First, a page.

The National Marine Manufacturers Association released findings from preliminary evaluations of isobutanol-gasoline blends supplied by Gevo, which the association said could be a "promising biofuel alternative to E15."
The tests were conducted by the NMMA and the American Boat and Yacht Council as the recreational boating industry explores alternative biofuels in response to the U.S. introduction of gasoline containing 15 percent ethanol.
The Environmental Protection Agency recently approved E15 for model-year 2001 and newer cars and trucks. However, the marine industry has found that fuel containing more than 10 percent ethanol causes severe damage to boat engines.
Although marine engines are not currently approved by the EPA to use E15, misfueling at the pump is a danger for boaters who are unaware that E15 is not compliant with boat engines.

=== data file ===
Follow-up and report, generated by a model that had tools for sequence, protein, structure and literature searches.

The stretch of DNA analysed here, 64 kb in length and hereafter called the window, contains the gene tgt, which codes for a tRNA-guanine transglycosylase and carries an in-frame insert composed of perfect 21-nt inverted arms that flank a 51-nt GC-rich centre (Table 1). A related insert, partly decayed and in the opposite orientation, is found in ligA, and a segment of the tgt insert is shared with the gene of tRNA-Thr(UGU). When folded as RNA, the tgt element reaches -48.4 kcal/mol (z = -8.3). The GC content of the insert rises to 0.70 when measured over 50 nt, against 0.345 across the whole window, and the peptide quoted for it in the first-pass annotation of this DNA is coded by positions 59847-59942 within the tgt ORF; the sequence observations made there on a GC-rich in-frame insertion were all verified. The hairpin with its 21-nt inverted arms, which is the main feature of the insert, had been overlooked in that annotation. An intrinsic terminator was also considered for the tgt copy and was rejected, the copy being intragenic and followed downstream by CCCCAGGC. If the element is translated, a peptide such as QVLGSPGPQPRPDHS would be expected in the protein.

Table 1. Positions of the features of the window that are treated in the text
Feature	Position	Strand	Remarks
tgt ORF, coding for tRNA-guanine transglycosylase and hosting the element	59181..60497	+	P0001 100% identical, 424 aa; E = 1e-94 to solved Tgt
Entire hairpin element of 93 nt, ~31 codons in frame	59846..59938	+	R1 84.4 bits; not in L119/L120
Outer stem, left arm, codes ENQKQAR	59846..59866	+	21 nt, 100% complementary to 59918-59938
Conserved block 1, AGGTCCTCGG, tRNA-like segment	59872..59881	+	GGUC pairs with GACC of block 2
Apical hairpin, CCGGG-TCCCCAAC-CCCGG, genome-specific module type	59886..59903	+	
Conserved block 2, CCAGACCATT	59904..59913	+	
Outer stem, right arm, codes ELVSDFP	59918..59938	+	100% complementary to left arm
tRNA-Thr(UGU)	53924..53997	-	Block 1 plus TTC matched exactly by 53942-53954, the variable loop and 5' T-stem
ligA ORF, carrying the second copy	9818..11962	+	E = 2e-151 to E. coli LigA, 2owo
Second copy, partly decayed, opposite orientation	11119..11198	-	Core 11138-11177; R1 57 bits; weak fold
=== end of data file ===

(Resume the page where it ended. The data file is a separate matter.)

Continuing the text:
The NMMA and ABYC isobutanol evaluations tested components, including older fiberglass tanks, and engines during on-the-water testing on inboard, outboard, jet pump and two-stroke outboard engines. The tests showed isobutanol produced no more emissions than pure EPA-approved test gasoline while producing 30 percent more energy than ethanol.
Support from Bombardier Recreational Products and Volvo made the testing possible through the provisions of product, personnel and testing equipment.
What’s more, the U.S. Department of Energy has designated isobutanol a “drop-in biofuel,” meaning it can be used to displace petroleum under the Energy Independence and Security Act of 2007, and increasing its use could help reduce greenhouse-gas emissions.
“We are pleased with the results of the evaluation on isobutanol and look forward to more testing on this and other important alternatives to E15,” NMMA president Thom Dammrich said in a statement. “We know E15 causes significant damage to boat engines, and therefore rushing it to the market is irresponsible and an unnecessary step, especially in light of the promising test results on isobutanol.”